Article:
Rock 'n' Roll: Best of the Beatles

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The record jacket reads Best of the Beatles, and it was a hot seller in the Christmas rush—or at least it was before it was brought up at a New York State Bureau of Consumer Frauds' hearing. Despite the billing, the album does not contain a collection of the best of the Beatles' hits—or even a single song by the Beatles.

Yet, in a way, Savage Records could justify the title of its album. "Best" refers to Peter Best, the drummer who was indeed "of the Beatles" during the scruffy, scrambling days when John, George and Paul were plucking from pub to pub. Then just as the lightning (now estimated to be worth $10 million) began to strike, Best was bounced in favor of Ringo.

"Too Conventional." "It's not so much the money that hurts," says Best today. "It's the heartbreak." When he joined the boys in 1960, they were known as the Silver Beatles and off to Hamburg for their first engagement out of Great Britain; their weekly take was an unimpressive $20 each. Best earned his passage with the suggestion that the "Silver" be dropped, because "it sounds a bit corny."*Best also contributed to the essential trip-hammering back-up for the Beatle beat; until his arrival, they were all guitars. A year later, Brian Epstein came aboard as the Beatles' manager and added the final refinements. Their hair, shorter than now, was to be kept kempter. "Out," recalls Best, "went our leather jackets. In came mohair suits."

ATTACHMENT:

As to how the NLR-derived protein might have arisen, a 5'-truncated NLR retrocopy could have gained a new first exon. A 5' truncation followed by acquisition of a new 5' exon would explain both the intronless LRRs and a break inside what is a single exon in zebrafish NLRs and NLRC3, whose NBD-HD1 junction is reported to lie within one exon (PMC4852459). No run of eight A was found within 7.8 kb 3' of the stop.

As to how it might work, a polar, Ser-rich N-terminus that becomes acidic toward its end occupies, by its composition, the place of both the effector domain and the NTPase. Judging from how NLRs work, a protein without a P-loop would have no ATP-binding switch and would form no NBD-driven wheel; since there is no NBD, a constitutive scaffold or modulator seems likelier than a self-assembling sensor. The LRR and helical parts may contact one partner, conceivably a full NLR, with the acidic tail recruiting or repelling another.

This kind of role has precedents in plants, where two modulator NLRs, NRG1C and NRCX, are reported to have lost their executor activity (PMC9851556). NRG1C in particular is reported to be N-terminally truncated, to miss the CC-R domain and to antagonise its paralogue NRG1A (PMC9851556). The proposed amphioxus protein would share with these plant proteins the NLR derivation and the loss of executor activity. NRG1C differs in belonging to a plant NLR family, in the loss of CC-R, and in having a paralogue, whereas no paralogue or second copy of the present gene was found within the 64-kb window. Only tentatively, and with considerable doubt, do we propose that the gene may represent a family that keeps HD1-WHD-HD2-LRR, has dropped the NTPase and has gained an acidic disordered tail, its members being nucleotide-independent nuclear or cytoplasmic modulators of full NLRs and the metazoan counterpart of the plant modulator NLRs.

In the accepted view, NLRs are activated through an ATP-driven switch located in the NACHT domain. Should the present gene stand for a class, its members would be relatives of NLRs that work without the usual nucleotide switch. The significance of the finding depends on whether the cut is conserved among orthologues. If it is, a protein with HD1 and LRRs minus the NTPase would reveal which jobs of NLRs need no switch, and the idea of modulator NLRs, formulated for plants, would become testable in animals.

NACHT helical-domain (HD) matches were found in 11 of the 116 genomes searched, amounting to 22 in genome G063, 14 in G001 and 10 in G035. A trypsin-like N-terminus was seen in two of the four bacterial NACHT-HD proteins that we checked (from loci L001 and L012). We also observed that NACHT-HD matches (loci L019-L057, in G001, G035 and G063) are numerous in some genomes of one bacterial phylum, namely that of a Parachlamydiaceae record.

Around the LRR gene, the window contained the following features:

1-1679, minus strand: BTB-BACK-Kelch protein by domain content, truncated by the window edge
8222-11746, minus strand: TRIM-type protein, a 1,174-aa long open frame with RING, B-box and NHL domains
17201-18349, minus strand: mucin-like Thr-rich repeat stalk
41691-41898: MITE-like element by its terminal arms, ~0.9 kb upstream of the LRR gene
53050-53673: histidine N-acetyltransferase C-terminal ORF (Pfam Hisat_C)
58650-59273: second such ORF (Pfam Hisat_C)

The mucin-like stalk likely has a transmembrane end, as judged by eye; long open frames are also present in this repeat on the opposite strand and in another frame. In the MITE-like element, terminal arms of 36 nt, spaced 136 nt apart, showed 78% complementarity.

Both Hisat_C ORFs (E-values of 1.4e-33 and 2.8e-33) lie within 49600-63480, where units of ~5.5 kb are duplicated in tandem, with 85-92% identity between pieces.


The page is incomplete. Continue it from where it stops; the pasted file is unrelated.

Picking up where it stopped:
Out also went Best—just as the group signed the contract with Britain's E.M.I, and recorded Love Me Do, the first of the sides that were to wing them to fame. Best had been with the band during the test session, but the recording company judged him to be the worst. The other Beatles went along with the decision. Among other things, says Epstein, they felt that Best was "too conventional to be a Beatle."

Red Tape. Peter was so "downfallen, so sick in the stomach that I never left my house." His Liverpool fans, feeling equally ill, loyally marched along the Mersey, carrying banners proclaiming "Peter Forever, Ringo Never." Even with a bodyguard, Beatle George Harrison got his eye blackened. It was three weeks before Best felt up to leaving the house, but, unlike his fans, he bore no personal rancor. "I saw John and George in Liverpool a couple of minutes," he notes. "We're still the best of friends. I asked them, 'How's your mother?'"

Best, in a quiet way, is on the rebound. Now 24, he is married, fronts his own five-man group (it includes two saxes) and has played in Britain, Germany and Canada. In the U.S., his boys have already been heard on four different record labels and, after three frustrating;—0 months of waiting, are booked to begin a cross-country tour next week.

What held up their U.S. debut so long? Seems that the Immigration Department promised Peter his working visa as soon as he arrived in Manhattan but was in no hurry to clear the red tape for his lesser-known sidemen. Best decided to wait along with the other four. This loyalty probably cost him $50,000 in bookings. "But I didn't," he explains, "want to do to them the thing that happened to me."

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